Then the miraculous moment – “Bidden or unbidden, God is present.” Here, in the middle of nowhere, God comes to Jacob in a powerful way that transforms his life. There is a terrible old preacher’s story about an old farmer and a mule. Singing the praises of the mule’s ability to plow, the old farmer sells the mule to his neighbor. But no matter what the neighbor tries, he can’t get the mule to plow. So he calls the old farmer over to complain. The farmer takes a long look at the mule, picks up a two by four and hits the mule between the eyes. The mule takes off plowing the prettiest furrow you could ever want. The flabbergasted neighbor turns to the old farmer but before he can say anything, the old farmer intones, “You have to get his attention first.”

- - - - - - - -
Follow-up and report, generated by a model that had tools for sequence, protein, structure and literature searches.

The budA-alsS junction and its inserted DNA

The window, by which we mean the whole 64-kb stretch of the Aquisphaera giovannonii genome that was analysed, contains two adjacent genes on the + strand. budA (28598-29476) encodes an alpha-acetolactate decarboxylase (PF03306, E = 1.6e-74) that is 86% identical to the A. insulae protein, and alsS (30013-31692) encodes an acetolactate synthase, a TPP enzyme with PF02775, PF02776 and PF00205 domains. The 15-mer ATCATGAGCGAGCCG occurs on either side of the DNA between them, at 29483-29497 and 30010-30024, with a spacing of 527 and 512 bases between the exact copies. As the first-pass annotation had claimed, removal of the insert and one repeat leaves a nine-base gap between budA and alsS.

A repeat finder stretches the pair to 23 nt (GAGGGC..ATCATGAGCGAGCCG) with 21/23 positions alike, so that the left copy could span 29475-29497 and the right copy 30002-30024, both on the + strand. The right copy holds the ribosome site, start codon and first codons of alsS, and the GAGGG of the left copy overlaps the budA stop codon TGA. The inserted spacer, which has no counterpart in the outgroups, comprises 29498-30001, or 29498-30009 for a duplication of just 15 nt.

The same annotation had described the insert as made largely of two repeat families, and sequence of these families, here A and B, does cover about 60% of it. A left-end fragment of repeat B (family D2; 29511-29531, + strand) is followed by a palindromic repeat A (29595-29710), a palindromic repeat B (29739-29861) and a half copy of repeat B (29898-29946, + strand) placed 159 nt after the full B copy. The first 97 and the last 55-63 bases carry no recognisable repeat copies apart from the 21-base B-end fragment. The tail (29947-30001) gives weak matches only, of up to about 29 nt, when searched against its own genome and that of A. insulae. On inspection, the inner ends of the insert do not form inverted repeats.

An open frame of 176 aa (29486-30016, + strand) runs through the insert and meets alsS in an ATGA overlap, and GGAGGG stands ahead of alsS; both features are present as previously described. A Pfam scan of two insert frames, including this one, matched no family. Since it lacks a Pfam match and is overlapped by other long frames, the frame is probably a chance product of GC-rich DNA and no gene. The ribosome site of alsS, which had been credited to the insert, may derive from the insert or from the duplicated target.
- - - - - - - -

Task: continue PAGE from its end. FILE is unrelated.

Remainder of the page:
Jacob is sort of like that mule, running on autopilot, unconcerned for his brother or his father, stubbornly self-focused. God needs to get his attention, so God does, in a most dramatic way. It must have been a spectacular vision, this ladder or ziggurat running from earth to heaven with angels descending and ascending. And suddenly there was God beside him, God in conversation with the scoundrel, God making promises to the trickster. “Amazing grace, how sweet the sound, that saved a wretch” like this. God reaches out to Jacob, tracks him down in the middle of nowhere and reiterates the great promises that God has made to Jacob’s family going back three generations, “You will have land and offspring and through them all the families of earth will be blessed.” The self-absorbed one, fleeing into the night, has fallen through the thinnest of places, stumbling unknowingly onto the very gate of heaven. In the vulnerable state of sleep, through the wonder of a dream, everything is changed for Jacob. He encounters the living God.